I've been using the DocBook Website customization to build my website since the beginning.
First I used the DSSSL stylesheets to built it. They built the website as a single SGML (and later XML) document from multiple input files included into a main organizing file that produced multiple HTML output files, checking all the cross references and building a site map. Unfortunately, this method stopped working in my environment for some reason, and I never had time to figure out why.
I thought I'd see how the XSL stylesheets the DocBook Website
customization worked. The architecture for the Website customization
changed between the two: now the website was multiple documents, each
built from an XML input file and producing an HTML output file, and
using the DocBook XSL stylesheet
olink cross-document linking for
links between the different pages. This necessitated changing all the
source files, but even more unfortunately the processing of cross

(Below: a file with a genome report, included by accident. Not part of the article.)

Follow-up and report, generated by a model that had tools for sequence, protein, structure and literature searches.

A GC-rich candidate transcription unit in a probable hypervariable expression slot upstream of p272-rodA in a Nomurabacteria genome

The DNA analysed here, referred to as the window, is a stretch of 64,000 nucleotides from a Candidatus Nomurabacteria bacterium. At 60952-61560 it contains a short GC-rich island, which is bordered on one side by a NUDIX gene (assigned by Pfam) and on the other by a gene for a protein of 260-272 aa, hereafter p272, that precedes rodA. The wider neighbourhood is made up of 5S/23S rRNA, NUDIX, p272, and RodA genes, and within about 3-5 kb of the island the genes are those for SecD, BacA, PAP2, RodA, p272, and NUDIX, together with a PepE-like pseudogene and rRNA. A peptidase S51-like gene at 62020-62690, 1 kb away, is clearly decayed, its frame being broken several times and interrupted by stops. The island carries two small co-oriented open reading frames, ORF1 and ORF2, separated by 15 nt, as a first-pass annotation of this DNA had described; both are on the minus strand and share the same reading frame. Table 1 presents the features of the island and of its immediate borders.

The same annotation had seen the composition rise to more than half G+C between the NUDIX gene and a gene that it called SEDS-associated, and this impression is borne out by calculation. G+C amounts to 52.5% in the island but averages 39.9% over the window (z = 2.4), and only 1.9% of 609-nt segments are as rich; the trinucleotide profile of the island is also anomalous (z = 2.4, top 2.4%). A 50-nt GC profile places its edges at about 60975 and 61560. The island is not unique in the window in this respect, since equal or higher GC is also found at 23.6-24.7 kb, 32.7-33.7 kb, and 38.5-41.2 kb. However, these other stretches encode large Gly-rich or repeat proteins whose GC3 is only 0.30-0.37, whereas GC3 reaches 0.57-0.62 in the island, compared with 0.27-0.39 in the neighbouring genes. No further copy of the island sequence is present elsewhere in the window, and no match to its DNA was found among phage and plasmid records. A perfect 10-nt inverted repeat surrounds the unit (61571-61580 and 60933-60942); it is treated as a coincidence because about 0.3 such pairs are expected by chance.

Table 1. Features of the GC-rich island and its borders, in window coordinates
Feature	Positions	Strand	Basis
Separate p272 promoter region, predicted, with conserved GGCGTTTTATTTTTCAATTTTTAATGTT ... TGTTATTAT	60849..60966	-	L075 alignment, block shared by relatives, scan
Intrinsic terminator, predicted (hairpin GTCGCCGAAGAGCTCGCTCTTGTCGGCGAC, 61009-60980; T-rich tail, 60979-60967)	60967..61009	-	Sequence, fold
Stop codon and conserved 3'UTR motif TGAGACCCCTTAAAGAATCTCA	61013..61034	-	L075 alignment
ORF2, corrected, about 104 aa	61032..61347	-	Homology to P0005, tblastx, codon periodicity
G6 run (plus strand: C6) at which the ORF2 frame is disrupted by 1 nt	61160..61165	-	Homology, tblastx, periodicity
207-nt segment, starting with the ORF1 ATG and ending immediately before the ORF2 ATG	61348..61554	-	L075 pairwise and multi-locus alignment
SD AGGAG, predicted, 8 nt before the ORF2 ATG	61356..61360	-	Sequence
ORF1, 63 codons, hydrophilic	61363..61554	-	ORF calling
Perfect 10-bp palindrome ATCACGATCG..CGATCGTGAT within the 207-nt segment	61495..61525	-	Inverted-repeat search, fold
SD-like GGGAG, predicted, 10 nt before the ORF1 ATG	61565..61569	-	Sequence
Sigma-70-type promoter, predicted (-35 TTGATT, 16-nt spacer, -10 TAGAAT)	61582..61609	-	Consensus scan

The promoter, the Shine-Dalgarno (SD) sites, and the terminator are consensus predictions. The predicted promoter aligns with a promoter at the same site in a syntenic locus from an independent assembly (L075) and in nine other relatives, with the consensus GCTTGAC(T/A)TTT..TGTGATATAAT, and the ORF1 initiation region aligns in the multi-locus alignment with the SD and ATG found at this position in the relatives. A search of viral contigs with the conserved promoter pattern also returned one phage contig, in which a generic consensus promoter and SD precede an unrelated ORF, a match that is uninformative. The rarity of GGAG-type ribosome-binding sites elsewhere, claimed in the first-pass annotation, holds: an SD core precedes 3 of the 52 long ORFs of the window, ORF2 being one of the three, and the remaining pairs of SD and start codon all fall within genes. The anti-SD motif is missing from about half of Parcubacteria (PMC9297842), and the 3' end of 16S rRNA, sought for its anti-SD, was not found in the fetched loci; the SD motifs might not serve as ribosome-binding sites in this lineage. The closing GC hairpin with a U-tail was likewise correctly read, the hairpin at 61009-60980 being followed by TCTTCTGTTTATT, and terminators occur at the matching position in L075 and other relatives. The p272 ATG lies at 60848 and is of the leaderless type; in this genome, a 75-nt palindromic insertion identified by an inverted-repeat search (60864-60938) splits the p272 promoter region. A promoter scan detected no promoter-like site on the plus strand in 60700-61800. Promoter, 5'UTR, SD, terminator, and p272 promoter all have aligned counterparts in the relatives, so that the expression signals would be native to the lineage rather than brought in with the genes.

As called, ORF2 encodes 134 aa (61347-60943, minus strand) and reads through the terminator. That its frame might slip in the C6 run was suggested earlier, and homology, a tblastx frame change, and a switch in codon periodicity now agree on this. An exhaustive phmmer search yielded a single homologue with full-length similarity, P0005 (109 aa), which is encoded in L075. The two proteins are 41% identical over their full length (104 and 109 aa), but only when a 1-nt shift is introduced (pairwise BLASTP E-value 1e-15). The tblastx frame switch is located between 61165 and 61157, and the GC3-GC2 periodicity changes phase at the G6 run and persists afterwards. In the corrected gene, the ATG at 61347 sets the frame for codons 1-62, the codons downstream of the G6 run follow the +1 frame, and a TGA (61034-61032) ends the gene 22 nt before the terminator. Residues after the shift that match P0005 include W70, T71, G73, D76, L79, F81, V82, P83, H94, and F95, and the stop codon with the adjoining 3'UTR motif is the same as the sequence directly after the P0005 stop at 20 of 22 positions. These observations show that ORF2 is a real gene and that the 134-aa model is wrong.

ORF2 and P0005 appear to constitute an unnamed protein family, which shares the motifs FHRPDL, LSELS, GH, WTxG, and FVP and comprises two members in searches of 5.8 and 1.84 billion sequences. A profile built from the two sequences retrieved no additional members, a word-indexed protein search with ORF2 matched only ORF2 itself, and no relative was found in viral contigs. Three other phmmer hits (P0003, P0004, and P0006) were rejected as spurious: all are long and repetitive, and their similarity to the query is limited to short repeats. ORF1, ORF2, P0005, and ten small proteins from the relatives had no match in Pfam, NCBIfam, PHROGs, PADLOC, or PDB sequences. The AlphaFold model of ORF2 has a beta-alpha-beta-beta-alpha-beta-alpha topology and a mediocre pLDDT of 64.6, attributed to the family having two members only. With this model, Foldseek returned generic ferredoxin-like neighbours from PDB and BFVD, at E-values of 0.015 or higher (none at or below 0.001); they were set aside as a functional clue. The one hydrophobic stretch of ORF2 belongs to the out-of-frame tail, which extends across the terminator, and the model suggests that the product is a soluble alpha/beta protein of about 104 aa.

document links consumed so much memory that rebuilding the site took
forever, and eventually got to the point where it used more memory
than was usually available on my server. (Admittedly, my setup was
atypical for DocBook, and perhaps even pathological.)
In disgust, I let my site lie fallow, waiting for some better solution to present itself. Alas, nothing was immediately forthcoming. I really like DocBook for markup, and the “correct” solution would probably be to take Norm Walsh's route and custom-build some DocBook to website software, but frankly I haven't had the time or energy to do that, especially since, if I follow Norm's example, I'd have to take the time to figure out RDF and so forth.
Eventually I decided that I'd try something minimal: adding a new blog using pyBloxsom, which seemed simple enough to be comprehendable. It supported reStructuredText, one of the nicer plaintext markup systems, which was a definite bonus 1. After fiddling around about I got enough for a reasonably comfortable minimalist blog. So, give it a look-see.
I hate most WYSIWYG software, and am hoping that using reST regularly for the blog will be lightweight enough that I won't notice the burden.